As the stock market plunged this week and fears of a 2007 repeat spread like wildfire, Michael Roberts analyses what the crash could mean
Yesterday, the US stock market fell by the most in one day since mid-2007, just before the credit crunch, the banking crash and the start of the Great Recession.
Is history set to repeat itself? Well, the old saying goes that history never repeats itself but it rhymes. In other words, there are echoes of the past in the present. But what are the echoes this time. There are three possibilities.
This crash will be similar to that 1987 and be followed by a quick and decisive recovery and the stock market and the US economy will resume its recent march upward. The crash will be seen as blip in the recovery from the Long Depression of the last ten years.
Or this could be like 2007. Then the stock market crash heralded the beginning of the mightiest collapse in global capitalist production since the 1930s and biggest collapse in the financial sector ever – to be followed by the weakest economic recovery since 1945.
Or finally it could be like 1937, when the stock market fell back as the US Fed hiked interest rates and the ‘New Deal’ Roosevelt administration stopped spending to boost the economy. The Great Depression resumed and was only ended with the arms race and the entry of the US into the world war in 1941.
Now I have discussed the relationship between the stock market (fictitious capital as Marx called it) and the ‘real’ economy of productive capital in posts before.
On the day of the crash, a new Fed Chair Jerome Powell was sworn in to replace Janet Yellen. Powell now faces some new dilemmas.
Marx made the key observation that what drives stock market prices is the difference between interest rates and the overall rate of profit. What has kept stock market prices rising has been the very low level of long-term interest rates, deliberately engendered by central banks like the Federal Reserve around the world, with zero short-term rates and quantitative easing (buying financial assets with credit injections). The gap between returns on investing in the stock market and the cost of borrowing to do it has been huge.
Of course, every day, investors make ‘irrational’ decisions but, over time and, in the aggregate, investor decisions to buy or to sell stocks or bonds will be based on the return they have received (in interest or dividends) and the prices of bonds and stocks will move accordingly. And those returns ultimately depend on the difference between the profitability of capital invested in the economy and the costs of providing finance. If stock prices get way out of line with the profitability of capital in an economy, then eventually they will fall back. The further out of line they are, the bigger the eventual fall.
So there are two factors that are key to judging whether this stock crash is a 1987, 2007 or 1937 situation: the profitability of productive capital (is it going up or down?); and the level of debt held by industry (will it become too expensive to service?).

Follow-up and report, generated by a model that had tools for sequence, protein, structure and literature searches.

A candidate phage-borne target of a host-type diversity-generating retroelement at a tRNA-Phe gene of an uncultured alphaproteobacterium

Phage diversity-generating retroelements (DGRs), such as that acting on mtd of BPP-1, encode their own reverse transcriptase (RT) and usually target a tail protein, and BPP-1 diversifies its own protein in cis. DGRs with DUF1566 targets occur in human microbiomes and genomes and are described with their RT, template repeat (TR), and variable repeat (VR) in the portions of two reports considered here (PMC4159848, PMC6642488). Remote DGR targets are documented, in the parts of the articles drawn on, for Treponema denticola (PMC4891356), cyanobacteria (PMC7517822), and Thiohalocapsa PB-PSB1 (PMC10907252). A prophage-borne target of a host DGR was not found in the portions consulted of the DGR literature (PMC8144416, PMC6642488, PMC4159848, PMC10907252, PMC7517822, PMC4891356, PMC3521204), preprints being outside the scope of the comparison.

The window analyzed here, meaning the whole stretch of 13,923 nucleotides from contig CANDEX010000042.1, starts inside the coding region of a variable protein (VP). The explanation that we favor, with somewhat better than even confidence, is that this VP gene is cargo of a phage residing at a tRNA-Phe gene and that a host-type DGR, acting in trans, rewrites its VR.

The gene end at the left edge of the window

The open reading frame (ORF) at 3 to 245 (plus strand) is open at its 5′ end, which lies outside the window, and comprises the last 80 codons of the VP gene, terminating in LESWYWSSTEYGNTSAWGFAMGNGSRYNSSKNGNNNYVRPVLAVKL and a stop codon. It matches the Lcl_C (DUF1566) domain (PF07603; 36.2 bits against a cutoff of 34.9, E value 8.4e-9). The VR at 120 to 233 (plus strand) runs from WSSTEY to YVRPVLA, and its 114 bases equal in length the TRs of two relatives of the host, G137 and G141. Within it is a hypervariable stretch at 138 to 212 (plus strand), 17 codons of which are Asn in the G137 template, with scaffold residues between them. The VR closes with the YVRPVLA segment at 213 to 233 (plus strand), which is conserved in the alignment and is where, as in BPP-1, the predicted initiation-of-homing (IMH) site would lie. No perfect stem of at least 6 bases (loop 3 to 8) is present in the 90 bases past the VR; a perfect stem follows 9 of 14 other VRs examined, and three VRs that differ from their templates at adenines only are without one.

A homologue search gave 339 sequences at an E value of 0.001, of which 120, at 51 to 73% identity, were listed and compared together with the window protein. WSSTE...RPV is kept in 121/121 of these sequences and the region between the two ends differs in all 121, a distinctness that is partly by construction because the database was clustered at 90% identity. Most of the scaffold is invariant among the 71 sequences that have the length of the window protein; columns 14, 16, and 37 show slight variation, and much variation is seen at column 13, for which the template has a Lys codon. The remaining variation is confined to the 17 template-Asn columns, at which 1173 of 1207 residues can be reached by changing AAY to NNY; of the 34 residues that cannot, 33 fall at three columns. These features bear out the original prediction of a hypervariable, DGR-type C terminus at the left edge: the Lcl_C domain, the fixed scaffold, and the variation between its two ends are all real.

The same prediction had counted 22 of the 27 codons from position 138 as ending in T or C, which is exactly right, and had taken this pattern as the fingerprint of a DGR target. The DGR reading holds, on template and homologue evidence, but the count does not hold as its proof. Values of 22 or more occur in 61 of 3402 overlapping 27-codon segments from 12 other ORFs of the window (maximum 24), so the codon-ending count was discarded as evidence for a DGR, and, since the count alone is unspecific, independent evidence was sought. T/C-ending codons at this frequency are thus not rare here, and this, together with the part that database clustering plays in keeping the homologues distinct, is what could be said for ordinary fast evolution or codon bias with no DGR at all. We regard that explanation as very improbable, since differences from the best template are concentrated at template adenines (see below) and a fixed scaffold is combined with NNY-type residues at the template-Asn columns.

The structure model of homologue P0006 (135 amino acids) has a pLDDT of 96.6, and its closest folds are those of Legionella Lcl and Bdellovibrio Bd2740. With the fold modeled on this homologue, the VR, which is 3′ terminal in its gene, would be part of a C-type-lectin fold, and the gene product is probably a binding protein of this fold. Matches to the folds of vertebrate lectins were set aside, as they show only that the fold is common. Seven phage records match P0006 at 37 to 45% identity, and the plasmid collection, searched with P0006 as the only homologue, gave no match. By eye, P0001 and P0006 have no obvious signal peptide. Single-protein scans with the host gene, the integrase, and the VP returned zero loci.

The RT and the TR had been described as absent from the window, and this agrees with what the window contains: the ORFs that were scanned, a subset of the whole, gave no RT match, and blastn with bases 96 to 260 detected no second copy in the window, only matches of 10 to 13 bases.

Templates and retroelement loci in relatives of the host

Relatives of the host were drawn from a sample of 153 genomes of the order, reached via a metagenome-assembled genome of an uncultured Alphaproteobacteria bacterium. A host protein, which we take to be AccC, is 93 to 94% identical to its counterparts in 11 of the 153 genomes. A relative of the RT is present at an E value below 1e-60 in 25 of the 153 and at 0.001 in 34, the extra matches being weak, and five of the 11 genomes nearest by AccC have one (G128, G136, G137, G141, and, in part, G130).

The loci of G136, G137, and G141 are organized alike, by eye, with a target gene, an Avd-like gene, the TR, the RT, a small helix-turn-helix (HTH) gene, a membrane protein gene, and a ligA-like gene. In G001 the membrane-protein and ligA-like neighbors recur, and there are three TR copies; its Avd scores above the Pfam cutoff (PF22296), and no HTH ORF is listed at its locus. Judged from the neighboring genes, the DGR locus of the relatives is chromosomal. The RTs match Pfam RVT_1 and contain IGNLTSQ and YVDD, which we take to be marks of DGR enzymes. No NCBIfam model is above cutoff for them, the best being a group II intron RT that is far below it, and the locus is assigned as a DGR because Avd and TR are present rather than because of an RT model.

In 1987, the profitability of capital was on the rise. It was right in the middle of the neo-liberal period of rising exploitation of labour, globalisation and new tech developments, all of which were counteracting factors at play against the tendency of the rate of profit to fall. Profitability continued to rise right up to 1997. And interest rates, far being hiked by the Fed, were being reduced as inflation fell.
In 2007, profitability was falling (it had been declining since the end of 2005), the housing market was beginning to dive and inflation was expected to rise and along with it, the Fed planned to raise its policy rate, as it is planning now in 2018. But there are differences from 2007 now. The banking system is not so stretched and engaged in risky financial derivatives. And while profitability in most major economies is still below the peak of 2007, total profits are currently rising. It may be that wages are beginning to pick up and this could squeeze profits down the road. Also, the Fed plans to raise interest rates and thus also squeeze profits as debt servicing costs rise.
Perhaps 1937 is much closer to where US capitalism is now. I have written on the parallels with 1937 before. Profitability in 1937 had recovered from the depths of 1932 but was still well below the peak of 1926.
And more worrying now is that corporate debt since the end of the Great Recession in 2009 has not been reduced. On the contrary, it has never been higher. Based on a global sample of 13,000 entities, the S&P agency estimates that the proportion of highly leveraged corporates — those whose debt-to-earnings exceed 5x — stood at 37 percent in 2017, compared to 32 percent in 2007 before the global financial crisis. Over 2011-2017, global non-financial corporate debt grew by 15 percentage points to 96 percent of GDP.
The stock market crash tells me two things. First, that it is the US economy, still the largest and most important capitalist economy, leads. It’s not Europe, not Japan, not China that will trigger a new global slump, but the US. Second, this time any slump will not be triggered by a housing bust or a banking crash, but by a crunch in the non-financial corporate sector. Bankruptcies and defaults will appear as weaker capitalist companies find it difficult to meet their debt burdens and produce a chain reaction.
But history does not repeat but rhymes. The mass of profits in the major economies is still rising and interest rates, inflation and wage rises are still low relative to history. That should ameliorate the collapse in the prices of fictitious capital (and they are still high). But the direction of profits, interest rates and inflation could soon change.